Port of Oakland again at odds with neighbors

A proposed open air rock and gravel year near the Bay Bridge ports has raised concerns around pollution.

The new rock and gravel site would involve a bunch of trucks and ships. The yard, exposed to Bay winds, would have uncovered rock, gravel and other materials.

Opponents say shifting such materials, in an open air environment, guarantees too much dust.

"Why are they not building a silo or storage container to cover it? They won't even cover it. They want to water it down and there is no air monitor at the facility," said Margaret Gordon of the West Oakland Environmental Indicators Project. 

"And dust control, they call it particulate matter in our air, is one of the primary health impacts in West Oakland," added co-member and resident Brian Beveridge. 

Bill Aboudi's trucking company sits on port land very close to the proposed open air rock gravel yard.

"From the Bay, the wind blows and it's going to blow straight into our site and into the community," said Aboudi.

Several other Bay ports already deal in this type of non-containerized bulk cargo. The currently occupied space will have to be cleared for the yard and its operations.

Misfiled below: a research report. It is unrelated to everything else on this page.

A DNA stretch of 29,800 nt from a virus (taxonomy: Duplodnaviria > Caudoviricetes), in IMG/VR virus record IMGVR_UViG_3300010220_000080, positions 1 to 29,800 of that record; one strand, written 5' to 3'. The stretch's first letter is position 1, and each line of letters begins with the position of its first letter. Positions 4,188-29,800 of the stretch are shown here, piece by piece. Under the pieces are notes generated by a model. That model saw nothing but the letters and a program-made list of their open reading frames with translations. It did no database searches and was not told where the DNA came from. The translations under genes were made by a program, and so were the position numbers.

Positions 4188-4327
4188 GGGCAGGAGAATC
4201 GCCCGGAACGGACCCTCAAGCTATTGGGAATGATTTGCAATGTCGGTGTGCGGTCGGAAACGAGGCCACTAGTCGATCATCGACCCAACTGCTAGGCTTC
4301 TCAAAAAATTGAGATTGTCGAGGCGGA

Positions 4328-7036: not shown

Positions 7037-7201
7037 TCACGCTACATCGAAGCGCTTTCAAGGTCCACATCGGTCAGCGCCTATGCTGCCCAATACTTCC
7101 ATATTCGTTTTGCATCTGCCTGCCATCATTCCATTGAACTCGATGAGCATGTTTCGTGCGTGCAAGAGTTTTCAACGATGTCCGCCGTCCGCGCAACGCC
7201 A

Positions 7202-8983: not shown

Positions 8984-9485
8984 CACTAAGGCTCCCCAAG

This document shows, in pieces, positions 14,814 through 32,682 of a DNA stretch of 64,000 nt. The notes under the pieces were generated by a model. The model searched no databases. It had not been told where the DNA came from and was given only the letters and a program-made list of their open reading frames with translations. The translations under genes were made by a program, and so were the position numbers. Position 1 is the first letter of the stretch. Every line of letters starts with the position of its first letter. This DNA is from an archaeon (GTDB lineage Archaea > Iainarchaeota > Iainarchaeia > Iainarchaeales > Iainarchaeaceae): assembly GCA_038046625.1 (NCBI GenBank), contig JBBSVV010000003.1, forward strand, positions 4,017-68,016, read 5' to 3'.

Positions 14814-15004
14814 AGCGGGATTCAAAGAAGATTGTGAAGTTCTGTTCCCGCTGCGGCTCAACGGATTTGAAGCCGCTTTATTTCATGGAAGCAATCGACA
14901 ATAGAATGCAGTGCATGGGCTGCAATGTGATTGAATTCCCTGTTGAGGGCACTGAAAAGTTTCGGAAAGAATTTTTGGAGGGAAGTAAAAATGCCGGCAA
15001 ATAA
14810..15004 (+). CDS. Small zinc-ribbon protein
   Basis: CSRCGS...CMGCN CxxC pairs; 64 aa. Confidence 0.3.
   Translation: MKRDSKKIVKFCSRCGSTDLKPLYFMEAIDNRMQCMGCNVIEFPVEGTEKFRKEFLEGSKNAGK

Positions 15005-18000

"This has been a staging area for trucking companies to stage the containers and also truck parking which, around Oakland, is impossible to get," said Aboudi.

Moving those trucks over to the Howard Terminal might be short-lived if a ballpark is built.

Due to an absence of shore power at the proposed rock and gravel site, diesel ships at the terminal would have idle spewing pollutants say West Oakland opponents.

"That's the worst type of fuel that you could use. It's bunker fuel," said Aboudi. 

"The port says sometime in the next six or 10 years, they'll look at getting the ships plugged in," said Beveridge.

West Oakland already suffers higher rates of respiratory and cardiovascular diseases as well as cancer and premature death than areas a couple miles from the port.